Given the vast numbers of start‐ups, wild experiments, and small businesses that will be the next generation of pioneers in e‐commerce, it would be unlikely that all of them will automatically concede the importance of having a privacy seal on their sites, unless and until they see significant indication of customer demand for it. Perhaps some sites that participate will have some sinister purpose in mind, but most of them will simply be ordinary businesses who simply don’t share the vision of a privacy imperative. A lot of them will be noncommercial, amateur sites, or sites that are borderline commercial or noncommercial.
What about bad actors? Sites that actually do perpetrate fraud or scams of some sort? There are many laws already against fraud and deceptive practices.
Self‐regulation that arises as a natural outgrowth of consumer demand is truly voluntary and decentralized. Kosher food labels are a good example, offering consumers a choice of many different standards–or none at all. But for many quality and customer service issues, no third party standards or oversight at all are necessary for “self‐regulation.” That is, true market‐based self‐regulation blurs into no regulation at all, with each company “regulating” itself according to internal standards of customer or client service and no third party oversight. Bad service is checked by competition.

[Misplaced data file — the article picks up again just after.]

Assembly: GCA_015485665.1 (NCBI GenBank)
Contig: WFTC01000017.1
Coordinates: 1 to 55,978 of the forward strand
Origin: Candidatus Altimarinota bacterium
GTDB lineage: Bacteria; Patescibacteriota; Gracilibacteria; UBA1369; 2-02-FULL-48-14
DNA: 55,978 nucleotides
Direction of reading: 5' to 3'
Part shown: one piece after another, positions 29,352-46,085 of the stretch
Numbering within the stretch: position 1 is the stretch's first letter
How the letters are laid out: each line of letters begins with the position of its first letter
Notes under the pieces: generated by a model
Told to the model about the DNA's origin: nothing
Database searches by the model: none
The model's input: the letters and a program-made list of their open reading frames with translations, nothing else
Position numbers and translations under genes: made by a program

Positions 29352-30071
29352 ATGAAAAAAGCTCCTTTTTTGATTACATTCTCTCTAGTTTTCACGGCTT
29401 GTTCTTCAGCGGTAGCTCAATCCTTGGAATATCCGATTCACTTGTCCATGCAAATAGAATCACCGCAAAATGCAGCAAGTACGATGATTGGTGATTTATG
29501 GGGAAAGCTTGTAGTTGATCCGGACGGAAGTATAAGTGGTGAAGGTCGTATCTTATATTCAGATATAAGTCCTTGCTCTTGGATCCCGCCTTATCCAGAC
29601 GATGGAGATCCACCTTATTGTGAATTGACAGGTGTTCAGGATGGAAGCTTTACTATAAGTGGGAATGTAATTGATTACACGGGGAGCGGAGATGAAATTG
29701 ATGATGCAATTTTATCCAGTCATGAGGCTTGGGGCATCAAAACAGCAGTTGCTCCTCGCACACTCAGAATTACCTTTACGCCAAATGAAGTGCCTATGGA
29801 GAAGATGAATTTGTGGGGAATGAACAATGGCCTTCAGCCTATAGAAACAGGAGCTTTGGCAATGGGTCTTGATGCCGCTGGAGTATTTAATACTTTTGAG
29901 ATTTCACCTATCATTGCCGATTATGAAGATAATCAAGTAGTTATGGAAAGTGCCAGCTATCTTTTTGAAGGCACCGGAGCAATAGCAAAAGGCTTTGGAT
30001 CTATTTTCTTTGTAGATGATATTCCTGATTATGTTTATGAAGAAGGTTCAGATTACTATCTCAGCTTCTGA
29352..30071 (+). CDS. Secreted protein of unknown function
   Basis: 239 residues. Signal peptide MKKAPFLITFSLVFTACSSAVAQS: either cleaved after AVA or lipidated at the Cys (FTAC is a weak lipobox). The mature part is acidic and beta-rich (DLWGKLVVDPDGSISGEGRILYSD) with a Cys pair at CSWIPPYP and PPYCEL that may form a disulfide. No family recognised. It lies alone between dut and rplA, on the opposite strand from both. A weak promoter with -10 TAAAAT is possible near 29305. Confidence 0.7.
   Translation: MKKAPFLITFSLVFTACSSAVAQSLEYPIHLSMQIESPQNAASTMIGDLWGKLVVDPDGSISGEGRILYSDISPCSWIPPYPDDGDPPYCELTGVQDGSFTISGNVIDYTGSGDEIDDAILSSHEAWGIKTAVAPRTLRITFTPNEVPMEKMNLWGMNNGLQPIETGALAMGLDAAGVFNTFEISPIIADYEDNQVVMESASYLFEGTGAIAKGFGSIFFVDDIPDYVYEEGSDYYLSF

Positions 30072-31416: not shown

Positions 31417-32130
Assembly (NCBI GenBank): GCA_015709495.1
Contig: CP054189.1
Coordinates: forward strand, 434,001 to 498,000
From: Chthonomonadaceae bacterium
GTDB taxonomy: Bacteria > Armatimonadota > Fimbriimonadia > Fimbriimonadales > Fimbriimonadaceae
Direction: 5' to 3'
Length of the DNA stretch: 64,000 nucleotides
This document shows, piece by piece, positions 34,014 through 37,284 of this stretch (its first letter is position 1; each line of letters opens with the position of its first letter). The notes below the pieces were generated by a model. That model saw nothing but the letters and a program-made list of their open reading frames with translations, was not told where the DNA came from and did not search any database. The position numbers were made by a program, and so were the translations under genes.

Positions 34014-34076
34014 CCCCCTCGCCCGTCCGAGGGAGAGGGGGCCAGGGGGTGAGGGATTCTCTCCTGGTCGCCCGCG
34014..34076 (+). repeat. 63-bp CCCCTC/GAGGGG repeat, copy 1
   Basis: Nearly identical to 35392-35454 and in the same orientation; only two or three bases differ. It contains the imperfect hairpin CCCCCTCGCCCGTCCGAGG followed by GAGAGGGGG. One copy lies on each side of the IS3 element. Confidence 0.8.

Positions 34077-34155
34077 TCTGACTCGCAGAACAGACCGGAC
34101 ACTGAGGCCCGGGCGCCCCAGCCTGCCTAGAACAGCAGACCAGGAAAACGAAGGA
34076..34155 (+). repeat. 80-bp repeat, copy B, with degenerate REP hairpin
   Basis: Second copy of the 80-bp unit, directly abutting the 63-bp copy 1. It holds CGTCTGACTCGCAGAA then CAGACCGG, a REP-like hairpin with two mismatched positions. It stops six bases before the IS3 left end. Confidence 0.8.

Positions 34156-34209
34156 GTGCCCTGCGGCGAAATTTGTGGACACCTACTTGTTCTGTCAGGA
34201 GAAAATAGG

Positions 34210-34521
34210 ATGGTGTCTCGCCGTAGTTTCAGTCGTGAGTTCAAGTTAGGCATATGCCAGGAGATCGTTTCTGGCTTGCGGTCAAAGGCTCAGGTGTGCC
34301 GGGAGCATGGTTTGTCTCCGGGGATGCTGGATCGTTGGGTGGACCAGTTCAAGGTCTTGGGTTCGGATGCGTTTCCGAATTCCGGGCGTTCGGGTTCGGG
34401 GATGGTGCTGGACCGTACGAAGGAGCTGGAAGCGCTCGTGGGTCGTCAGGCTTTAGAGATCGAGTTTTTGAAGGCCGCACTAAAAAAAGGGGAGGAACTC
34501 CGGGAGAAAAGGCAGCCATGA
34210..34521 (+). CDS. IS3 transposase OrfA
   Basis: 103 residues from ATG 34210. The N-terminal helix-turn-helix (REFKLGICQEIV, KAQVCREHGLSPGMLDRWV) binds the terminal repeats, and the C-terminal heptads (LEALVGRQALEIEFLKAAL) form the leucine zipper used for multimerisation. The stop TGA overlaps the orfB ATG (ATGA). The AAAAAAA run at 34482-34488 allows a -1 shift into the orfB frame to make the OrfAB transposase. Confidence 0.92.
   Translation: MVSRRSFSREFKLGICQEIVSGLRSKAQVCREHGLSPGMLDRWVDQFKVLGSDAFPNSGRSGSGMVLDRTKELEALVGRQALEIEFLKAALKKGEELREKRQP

Ultimately, we might see nearly as many different privacy policies as there are e‐commerce companies. A system of privacy “self‐regulation” imposed uniformly on the market might well tend to collapse over time (rather as the Comics Code has) in any sector where there is little consumer demand for confidentiality. In some cases, no third‐party rating systems would be able to capture the extraordinary variety of patterns of customer preferences that emerge.
Conclusion: What is Minimal Regulation?
Given the flurry of concern about privacy, even legislators and businesses worried about the impact on electronic commerce are almost ready to concede the need for “minimal regulation”–just requiring sites to post their policies, that’s all. But from my standpoint that’s too radical a step, both unnecessary and not well informed. What kind of enforcement mechanism would we create? Do we really want to penalize the honest owner of a 50 year‐old hardware store in Peoria because he put up his web site without a privacy notice? Why should enforcement resources be devoted to this? For once, the Cato Institute’s position isn’t the radical one. Things are working fine as they are; leave the Internet alone.